How are VEXU teams powering Raspberry Pis

I’m pretty sure I’ve seen a few VEXU teams use Raspberry Pis on their robots in the past. Hopefully some of you are on the forum. How did you power it considering it requires exactly 5V and a decent amount of current? Is it best to use a dedicated 7.2V battery and a voltage regulator? And then is it best to power off the I/o pins or through the microusb port on the pi? If anyone has specific part recommendations that would be great

We used one of these

We had a dedicated battery run it but that battery could have had more components on it as well. The 5V line on the cortex would not be a good power source for the pi.

We powered off the I/O pins but if you had a USB output on your converter you could just as easily use the microusb port.

It wouldn’t be a good source of power, no, but apparently UART lifts :wink:

We built our own power supply and just chopped off the female end of a USB A-A connection. You could chop off the end of a micro-USB cable, but then we can’t repurpose the micro-USB later. Bad idea when you assume the power requirements are the same as older RPis. We’re probably gonna use what WPI uses next year if we decide to do something with a Pi.

We did have an embarrassing flaw during practice. So there is an off and on button on the converter I linked. We had our converter low to the ground. And had protected it but our wall had a hole in it. A star we backed into hit our off button. We felt pretty stupid.

There isn’t much risk of a sudden powering down if you have something like Cortex or Arduino that use flash memory as the read-only resource. When the power comes back up - they just re-start from the beginning.

However, Raspberry is almost a full blown computer and is using its flash storage both for read and write (not sure about other OSes, but Raspbian writes back to SDHC all the time). Even though the file system is supposed to be journaled and fault tolerant, you never know…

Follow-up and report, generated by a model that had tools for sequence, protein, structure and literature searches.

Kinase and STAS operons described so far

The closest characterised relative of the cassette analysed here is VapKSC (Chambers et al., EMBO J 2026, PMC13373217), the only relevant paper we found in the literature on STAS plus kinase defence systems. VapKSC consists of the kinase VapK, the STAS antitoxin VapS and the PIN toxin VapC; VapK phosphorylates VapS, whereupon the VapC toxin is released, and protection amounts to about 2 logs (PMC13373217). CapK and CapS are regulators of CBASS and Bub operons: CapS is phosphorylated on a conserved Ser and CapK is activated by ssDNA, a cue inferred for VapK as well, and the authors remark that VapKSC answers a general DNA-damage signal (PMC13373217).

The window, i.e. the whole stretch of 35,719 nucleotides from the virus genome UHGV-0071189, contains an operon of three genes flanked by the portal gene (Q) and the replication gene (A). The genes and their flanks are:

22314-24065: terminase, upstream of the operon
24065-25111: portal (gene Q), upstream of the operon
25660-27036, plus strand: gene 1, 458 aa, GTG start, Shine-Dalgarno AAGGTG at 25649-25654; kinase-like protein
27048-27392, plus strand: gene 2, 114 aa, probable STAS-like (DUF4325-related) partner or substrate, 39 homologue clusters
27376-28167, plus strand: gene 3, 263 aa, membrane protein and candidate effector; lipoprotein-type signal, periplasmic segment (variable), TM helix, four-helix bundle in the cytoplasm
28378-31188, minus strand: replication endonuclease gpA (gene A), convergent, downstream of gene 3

So, WPI1 does a very right thing by running Raspberry Pi off a dedicated battery. Even if Cortex resets mid-game it shouldn’t affect Raspberry’s power. If you have to share the battery with the rest of the robot you may need to do something special.

Since you cannot use additional batteries in VRC, you may want to research some projects, where people use “supercapacitors” to give Raspberry Pi few more seconds to run and a safe way to shutdown in case of the power failure. Supercaps are usually low voltage, very high capacity, need a special charging circuitry, and take forever to charge.

Alternatively, I’ve bought a large audio capacitor (22,000uF @ 63V) and will try to experiment how long PiZero could run off it before voltage drops too low. To do that I am planning to use DC-DC boost converter to step up source voltage to 50-60v and then step it down to 5v with a (buck) switching converter, similar to what @tabor473 linked above. The tricky part is to find one that takes high input voltage.

^^ you should keep that charging voltage under 48 VDC, for safety.

Thanks for your help guys

You can also lower the power requirements for a Raspberry Pi 3 by slowing its clock speed. The Raspberry Pi 3 is a 3.3 Volt device but it uses a lot of current. One way to power it is to get an efficient 3.3 Volt Regulator and run it off the 7.2 Volt battery.